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Stop cooking the books

Gavin Hewitt | 12:29 UK time, Thursday, 25 March 2010

Chancellor Merkel addressing Bundestag, 25 Mar 10It is a tradition before a European summit that the German chancellor briefs the Bundestag before heading for the talks. Today Angela Merkel's words were pored over by European officials more than usual. The EU is facing its severest crisis for at least a decade and Germany is at the heart of it.

A former Belgian Prime Minister, Guy Verhofstadt, said yesterday, "incredibly, the public statements of some EU leaders have fuelled more anti-European sentiment in four days than all the Eurosceptics have achieved together in four years."

The pressure on Germany is to ride to the aid of Greece in a gesture of European solidarity. Germany is signalling that it will defend its interests.

Angela Merkel laid it on the line today: "cooking the books must be stopped," she said. There is no alternative to solid finances, she lectured the EU. "There can be no tricks," she said to applause. "All member states must go that way." She went on to remind her critics outside Germany that "the German people gave up a stable currency. Their trust can't be deceived."

What the German chancellor seems to be after is a new set of rules to govern the eurozone that will be enforced with much tougher sanctions. She said today that she would push for treaty changes. That is an indication of how serious she is. After eight years scrapping over the Lisbon Treaty there is no appetite for a new round of haggling over rules. Mrs Merkel knows that as well as anyone, but she believes the current system is not working and it has to be changed for the stability of the currency.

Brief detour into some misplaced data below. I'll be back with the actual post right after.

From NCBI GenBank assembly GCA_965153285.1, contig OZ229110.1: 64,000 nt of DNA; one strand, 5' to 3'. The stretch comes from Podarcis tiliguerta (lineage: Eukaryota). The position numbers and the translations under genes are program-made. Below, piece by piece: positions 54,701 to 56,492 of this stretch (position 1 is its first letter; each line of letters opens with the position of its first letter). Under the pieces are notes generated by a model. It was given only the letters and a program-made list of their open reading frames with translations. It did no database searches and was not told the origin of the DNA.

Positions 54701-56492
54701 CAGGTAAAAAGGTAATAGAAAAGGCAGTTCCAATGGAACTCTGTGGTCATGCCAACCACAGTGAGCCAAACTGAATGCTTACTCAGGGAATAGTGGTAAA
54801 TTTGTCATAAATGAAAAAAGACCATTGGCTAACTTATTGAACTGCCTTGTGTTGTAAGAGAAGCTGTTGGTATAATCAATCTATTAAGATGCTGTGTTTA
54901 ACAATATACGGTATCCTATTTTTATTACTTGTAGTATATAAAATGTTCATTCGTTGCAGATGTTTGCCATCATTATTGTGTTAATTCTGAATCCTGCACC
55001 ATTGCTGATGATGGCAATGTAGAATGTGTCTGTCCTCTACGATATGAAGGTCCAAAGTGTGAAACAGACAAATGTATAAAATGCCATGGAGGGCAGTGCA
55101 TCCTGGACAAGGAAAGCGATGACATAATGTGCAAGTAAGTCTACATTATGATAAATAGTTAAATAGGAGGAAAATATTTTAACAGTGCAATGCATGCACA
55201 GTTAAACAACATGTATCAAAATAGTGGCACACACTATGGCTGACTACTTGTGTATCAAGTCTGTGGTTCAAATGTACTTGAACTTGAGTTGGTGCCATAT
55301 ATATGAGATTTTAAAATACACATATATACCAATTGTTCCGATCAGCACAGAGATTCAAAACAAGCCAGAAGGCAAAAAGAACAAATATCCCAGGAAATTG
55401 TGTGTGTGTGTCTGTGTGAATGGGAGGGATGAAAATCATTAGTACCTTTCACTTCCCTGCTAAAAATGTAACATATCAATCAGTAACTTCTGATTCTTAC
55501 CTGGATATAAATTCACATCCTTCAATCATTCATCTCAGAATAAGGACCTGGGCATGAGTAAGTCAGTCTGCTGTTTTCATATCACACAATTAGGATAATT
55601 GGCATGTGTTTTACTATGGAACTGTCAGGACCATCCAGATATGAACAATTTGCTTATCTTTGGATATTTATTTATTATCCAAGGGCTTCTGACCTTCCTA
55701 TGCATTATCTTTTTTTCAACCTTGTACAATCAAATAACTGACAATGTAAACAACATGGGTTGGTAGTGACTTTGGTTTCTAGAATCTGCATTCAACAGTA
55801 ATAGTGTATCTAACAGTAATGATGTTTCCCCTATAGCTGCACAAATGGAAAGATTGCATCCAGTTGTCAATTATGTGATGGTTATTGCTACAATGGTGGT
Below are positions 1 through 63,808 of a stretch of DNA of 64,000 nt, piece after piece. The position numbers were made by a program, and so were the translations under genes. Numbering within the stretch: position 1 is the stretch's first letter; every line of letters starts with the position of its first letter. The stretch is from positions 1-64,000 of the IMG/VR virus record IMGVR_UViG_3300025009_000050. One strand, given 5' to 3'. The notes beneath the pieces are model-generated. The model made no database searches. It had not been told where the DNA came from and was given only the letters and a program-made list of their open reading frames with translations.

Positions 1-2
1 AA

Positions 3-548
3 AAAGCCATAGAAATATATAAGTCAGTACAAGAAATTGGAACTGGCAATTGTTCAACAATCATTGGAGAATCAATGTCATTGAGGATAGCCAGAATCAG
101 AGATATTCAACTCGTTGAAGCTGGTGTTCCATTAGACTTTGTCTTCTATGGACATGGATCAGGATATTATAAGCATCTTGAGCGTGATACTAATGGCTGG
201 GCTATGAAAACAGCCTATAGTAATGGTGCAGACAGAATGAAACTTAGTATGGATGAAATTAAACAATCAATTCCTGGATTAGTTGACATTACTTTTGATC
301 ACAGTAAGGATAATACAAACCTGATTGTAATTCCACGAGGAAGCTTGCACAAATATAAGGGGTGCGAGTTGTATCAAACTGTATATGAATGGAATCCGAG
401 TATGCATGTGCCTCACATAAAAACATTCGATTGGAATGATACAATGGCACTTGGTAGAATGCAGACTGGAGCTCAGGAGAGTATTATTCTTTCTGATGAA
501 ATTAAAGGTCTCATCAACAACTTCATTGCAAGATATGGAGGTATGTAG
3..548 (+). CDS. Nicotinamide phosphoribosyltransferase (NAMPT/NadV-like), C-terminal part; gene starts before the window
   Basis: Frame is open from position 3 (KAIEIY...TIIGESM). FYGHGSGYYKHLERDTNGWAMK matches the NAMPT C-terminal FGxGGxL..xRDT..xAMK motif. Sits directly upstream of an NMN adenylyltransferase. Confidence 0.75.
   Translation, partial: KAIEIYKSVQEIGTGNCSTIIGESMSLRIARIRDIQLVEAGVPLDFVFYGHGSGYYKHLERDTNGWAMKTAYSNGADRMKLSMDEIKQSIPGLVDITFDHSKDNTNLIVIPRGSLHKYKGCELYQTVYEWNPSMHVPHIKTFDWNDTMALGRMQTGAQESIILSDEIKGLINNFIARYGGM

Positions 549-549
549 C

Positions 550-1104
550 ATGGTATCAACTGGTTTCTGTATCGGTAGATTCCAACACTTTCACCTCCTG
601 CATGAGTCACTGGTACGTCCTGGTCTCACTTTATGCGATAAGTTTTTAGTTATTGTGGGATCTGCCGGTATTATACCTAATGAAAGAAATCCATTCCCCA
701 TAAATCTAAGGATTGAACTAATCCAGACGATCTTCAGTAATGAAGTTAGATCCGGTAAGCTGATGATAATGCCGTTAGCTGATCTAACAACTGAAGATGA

She took on her critics, who have been appealing to her to demonstrate she is a committed European. "A good European," she said, "is not one who takes spur of the moment decisions, but one who looks for long-term stability."

However, she did spell out in what circumstances Greece might be helped. If the stability of the eurozone was threatened and a state exhausted its ability to borrow then she conceded "we must act". But it would be as a last resort. In those circumstances she envisages bilateral loans from eurozone members combining with aid from the IMF. So that is the German position. They want the IMF involved plus bilateral loans from Europe.

The IMF involvement will be contentious. Only today officials were saying that calling on the IMF would "damage the single currency". The answer might lie in where the majority of the funds came from, the eurozone or the IMF?

Mrs Merkel pledged to work closely with France, but there are now deep rifts between the eurozone's key players.

What seems to be emerging is that Germany wants to use the crisis with Greece to bend the eurozone more to its own image, to ensure that, in future, it is a club that plays by the rules. Some are suggesting that Germany wants the club to play by its rules.


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